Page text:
Self-harm is when someone deliberately carries out an act likely to cause them injury. This can take many forms such as deliberate cutting of arms or other body parts, biting or hair-pulling. It is frequently associated with younger people but can be present across age groups. The reasons why people self-harm is complex, but it is generally associated with creating an experience where the pain of the harm helps to reduce feelings of emotional distress.
You may become aware of someone in your organisation who you think may be harming themselves. Some indicators that this could be the case can be:
There are many myths about self-harm such as:
If someone in your organisation is self-harming, it can create a lot of anxiety. No one likes to think that someone is hurting themselves. However, it is important to stay calm and not to assume that simply stopping the self-harming is a priority. Self-harm fulfils a purpose for people and attempting to force someone to stop can be counter-productive and create more distress. It could also risk leading to more dangerous behaviours.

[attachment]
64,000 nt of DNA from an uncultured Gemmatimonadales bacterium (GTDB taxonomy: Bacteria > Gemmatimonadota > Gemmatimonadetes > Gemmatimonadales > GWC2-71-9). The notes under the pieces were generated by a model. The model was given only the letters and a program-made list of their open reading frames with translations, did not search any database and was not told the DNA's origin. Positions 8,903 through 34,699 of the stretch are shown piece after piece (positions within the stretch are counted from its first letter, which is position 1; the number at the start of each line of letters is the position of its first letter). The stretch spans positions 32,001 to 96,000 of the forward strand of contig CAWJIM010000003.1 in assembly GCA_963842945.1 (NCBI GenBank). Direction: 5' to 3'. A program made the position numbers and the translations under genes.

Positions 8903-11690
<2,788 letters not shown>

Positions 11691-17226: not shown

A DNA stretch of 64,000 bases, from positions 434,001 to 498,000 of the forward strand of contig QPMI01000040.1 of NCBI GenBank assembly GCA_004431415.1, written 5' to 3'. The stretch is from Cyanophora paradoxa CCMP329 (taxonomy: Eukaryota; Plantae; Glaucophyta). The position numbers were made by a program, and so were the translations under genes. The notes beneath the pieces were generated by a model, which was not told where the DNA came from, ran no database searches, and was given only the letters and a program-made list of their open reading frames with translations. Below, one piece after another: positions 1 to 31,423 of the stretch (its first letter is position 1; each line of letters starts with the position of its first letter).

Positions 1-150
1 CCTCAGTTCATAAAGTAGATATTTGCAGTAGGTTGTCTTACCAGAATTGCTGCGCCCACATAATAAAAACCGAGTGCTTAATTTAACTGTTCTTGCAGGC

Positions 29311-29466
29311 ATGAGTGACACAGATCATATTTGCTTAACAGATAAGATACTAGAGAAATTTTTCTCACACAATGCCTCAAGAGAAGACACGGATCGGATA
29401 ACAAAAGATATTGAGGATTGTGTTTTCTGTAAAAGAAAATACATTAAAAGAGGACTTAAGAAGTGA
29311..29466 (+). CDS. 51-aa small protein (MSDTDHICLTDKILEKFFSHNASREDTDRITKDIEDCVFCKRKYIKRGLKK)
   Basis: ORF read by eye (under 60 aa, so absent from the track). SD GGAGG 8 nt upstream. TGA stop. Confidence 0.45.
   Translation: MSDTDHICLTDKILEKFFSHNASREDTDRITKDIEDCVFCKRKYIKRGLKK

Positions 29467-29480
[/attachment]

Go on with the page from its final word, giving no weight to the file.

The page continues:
As with concerns about suicide, the priority is to have a direct but compassionate conversation with the person, asking, “Are you doing things to hurt yourself?” If the person acknowledges this, communicate that you would like to help but that you are not going to try and make them stop. Provide a compassionate listening ear and signpost them to their GP and to organisations such as Penumbra who provide support in several areas of Scotland to people who self-harm.
If the person is harming at work and you are aware of this, you will need to carry out a risk assessment to manage this, but this should be done in a collaborative and supportive way with the person, with a strong communication that they are not being judged. Again, organisations such as Penumbra can support you to do this in ways that ensure you are fulfilling your duties but supporting the person compassionately.
You can access a range of resources on self-harm from Penumbra, a leading mental health charity.
View resources on Self-Harm on Penumbra website
In partnership with mental health charity Penumbra we have compiled four comprehensive guides to accompany this web resource. These two guides, for employers, will help you to support your apprentices' mental health at work. The two guides for apprentices can be found in our Mental Health resource for apprentices.
View PDF guide Mental Wellbeing - Support for Apprentices
View PDF guide Supporting Apprentices around Suicide and Self-Harm
We are grateful to mental health charity Penumbra for providing advice and information on mental health for this resource. If any of your apprentices or other employees need support, you should encourage them to contact a GP or professional mental-health support organisation.